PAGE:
- 18" Work Wreath Heart Form with Metallic Red Pencil Ties (XX764924)
- 21" Metallic Red Deco Poly Mesh with WIDE Foil (RE104124) 1 roll
- 10" Deco Poly Mesh: Metallic Moss/Apple Green with Lime Foil (RE130149)
- 16" Lime Green Open Netting Mesh (RF242630)
- 50 mm Black Ball Ties (XH200902)
- Chenille Stems
Lay the Heart Work Form out in front of you, and spread out all the pencil ties that are on the OUTER ring. You will not need the ties on the inner ring, and it is up to you whether to cut them off with wire cutters, or leave them tucked inside.
We're going to start with the top two ties on the frame, tying the red mesh down at the top of each "hump" of the heart, twisting the ties tightly so they will not come undone.
From here, you will start "zig-zagging" the mesh across the frame, again, only using the ties on the outer ring, and using each set of those outer ties until you get to the bottom. I always place the mesh in each tie, laying it down from the top, going down (middle picture below), if that makes sense. This makes the zigzagging easier, and creates a better shape.
The only set of ties on the outer ring you will not use is the last set, at the bottom tip of the heart form. Stop here and cut the mesh, leaving a tail a few inches long, long enough to tuck away. You will also need to tuck away all of the pencil ties so that they are hidden. Tuck them in between the mesh zigzags, and I like to wrap them around the frame so they stay put. You now have your basic strawberry form.
Next, we'll work on adding the "greenery". The heart frame has an empty space where we need it to go, so we'll use the chenille stems to fill in. Flip your strawberry over and grab a couple of chenille stems. (Color is your preference. I just have a lot of black on hand and grabbed those.) Attach one end of a stem to the inside of one of the "humps", wrapping it around the small wire that runs between the inner ring and outer ring, so it does not slide along the frame. Attach the other end to the same spot on the other hump, keeping it tight. Take another stem and tie it onto the middle of the first one, then poke it through between the mesh, so it comes out the front. Flip your strawberry back over. This is what you will use to tie the greenery down with.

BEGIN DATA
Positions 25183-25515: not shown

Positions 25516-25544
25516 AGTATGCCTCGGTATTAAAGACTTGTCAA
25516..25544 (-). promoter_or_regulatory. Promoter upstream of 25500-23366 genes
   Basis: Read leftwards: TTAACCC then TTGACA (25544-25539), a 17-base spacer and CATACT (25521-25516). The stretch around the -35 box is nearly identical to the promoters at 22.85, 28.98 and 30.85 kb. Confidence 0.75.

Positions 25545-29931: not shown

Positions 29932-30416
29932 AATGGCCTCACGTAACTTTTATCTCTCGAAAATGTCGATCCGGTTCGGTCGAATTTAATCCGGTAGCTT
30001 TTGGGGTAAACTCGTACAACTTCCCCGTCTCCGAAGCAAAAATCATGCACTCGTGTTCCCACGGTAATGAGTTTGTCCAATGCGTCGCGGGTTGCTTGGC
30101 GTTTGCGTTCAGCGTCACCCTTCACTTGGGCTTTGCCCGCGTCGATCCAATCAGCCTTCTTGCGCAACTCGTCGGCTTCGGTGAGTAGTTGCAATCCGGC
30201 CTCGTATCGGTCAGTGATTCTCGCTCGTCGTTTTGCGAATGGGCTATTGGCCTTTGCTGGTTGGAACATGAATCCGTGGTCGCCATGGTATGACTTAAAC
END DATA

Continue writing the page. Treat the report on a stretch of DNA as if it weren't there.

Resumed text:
Now, using the 10" moss/apple green mesh, cut three large rectangles, about 16" long each. Take one rectangle and turn it on the diagonal, pinching one corner, and working your way down to the opposite corner, so you have it gathered in the middle. I like to make sure the long edges are somewhat tucked under, so the petals lay right.
Do the same with the second cut piece, then gather both pieces together in one hand, and tie down with the chenille stems. Add in the third piece the same way, or keep adding as much as you like.
Repeat these steps with the lime green open netting mesh, cutting just two 16" squares. Pinch and gather them together in the middle, and tie down in the same spot as the mesh
This is what your strawberry should now look like:
Next, we'll add in the "seeds" - the black stem balls.
Place each ball wherever you like, keeping in mind you will need to tie the wire stem down to the frame somewhere. I started with placing the first one near the bottom tip of my strawberry, poking the stem in between two mesh lines, keeping the ball pretty flush with the mesh so that it doesn't flop around.
Wrap the wire stem around the frame to anchor it down. Keep going, placing more stem balls, spacing them out evenly, until you have the desired overall look. They do not necessarily need to be placed in between mesh lines, the stem can even be poked straight through the mesh itself to place it in the desired spot. The picture below on the right shows how I anchored one ball by wrapping the stem around the pipe cleaner used for the greenery so that I could place a ball at the top of the strawberry, in the middle. You can also use more chenille stems to add to the back of the frame in this same way to add more balls if needed.
Once you are finished placing your balls, your strawberry should look something like this!
You can stop here, or, If your strawberry is more see-through than you like, or if placing your stem balls has left some holes in between the mesh lines, you should still have plenty of red mesh left on your roll to cover the back. The first picture below shows what the back of your strawberry looks like without covering it, the one on the right shows it after I covered mine. I used the same method as I did to make the strawberry, but only doing a few zigzags, and spreading the mesh out a little more to give a little more coverage. I started on the top right side, and did four zigzags, ending on the bottom right. Again, cut the mesh leaving a tail a few inches long, and tuck it away.
Once again, this is just the idea we came up with to make our strawberry. We encourage you to explore and experiment on your own and see what you can come up with! Happy crafting!